The original concept was simple. Hendley would use his connections to organize fundraisers and then donate the money to global water projects. The goal of Wine to Water is to give the fortunate population the opportunity to fight for those who cannot fight for themselves—and to give them the gift of clean water.
The Dream Becomes Reality
Three hundred people attended his first event in February 2004. More successful fundraising events followed. It was important to Hendley that the money be donated to a charity that would ensure him the funds were being used to support his new passion—the world’s water crisis.
He connected with Samaritan’s Purse, an international organization dedicated to helping victims of war, poverty, natural disasters, disease and famine. Kenny Isaacs and Franklin Graham were leaders of Samaritan’s Purse and took an interest in Hendley’s passion.
They suggested that he visit one of the world’s most dangerous and war-torn hot spots—Darfur, Sudan. Hendley spent the next year living there.
At the height of the government genocide in Darfur, Janajaweed terrorists used water as a weapon. They destroyed water bladders and dumped rotting corpses into primary water sources.
Hendley witnessed first-hand the impact of poor sanitation and the human suffering that results when people have no access to clean water. He watched people die. He escaped death many times. Some members of his team were killed. Through this experience, he developed the mission for Wine to Water.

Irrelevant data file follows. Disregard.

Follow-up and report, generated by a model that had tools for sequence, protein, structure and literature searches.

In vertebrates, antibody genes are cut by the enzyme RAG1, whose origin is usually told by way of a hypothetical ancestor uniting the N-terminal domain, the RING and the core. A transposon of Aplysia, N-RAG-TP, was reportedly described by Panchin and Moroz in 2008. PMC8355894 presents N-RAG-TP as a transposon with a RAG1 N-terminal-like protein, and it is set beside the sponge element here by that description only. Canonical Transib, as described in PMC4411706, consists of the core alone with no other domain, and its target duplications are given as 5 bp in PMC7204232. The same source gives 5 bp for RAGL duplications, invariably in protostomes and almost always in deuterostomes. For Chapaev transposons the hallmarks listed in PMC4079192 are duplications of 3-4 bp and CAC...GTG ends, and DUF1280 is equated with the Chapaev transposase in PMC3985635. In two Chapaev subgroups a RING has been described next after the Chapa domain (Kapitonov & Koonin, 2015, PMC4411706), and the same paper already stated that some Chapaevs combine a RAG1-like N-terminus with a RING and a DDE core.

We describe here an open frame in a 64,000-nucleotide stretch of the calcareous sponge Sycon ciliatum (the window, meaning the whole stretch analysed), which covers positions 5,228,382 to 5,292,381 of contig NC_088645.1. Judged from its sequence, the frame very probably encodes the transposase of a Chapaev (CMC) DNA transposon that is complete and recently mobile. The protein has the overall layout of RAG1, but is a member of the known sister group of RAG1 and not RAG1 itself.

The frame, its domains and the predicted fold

Hendley discovered that more than half the wells in Darfur were broken. He didn’t have the funds to build new ones at about $10,000 each, but he had a solution.
“We didn’t have expensive machines to replace the wells, but we began to fix the wells using local people and local materials.” Hendley’s team could restore a well for about $50 each.
Within four years, Wine to Water helped provide clean water solutions to four more countries. In 2009, CNN named Hendley one of its Top 10 Heroes of the Year.
Hendley and his team still uses local people and local materials, but now it has raised enough money for machines to drill new wells. They have developed water filtration systems, ceramic filters, bio-sand filters and microfiber membrane filters.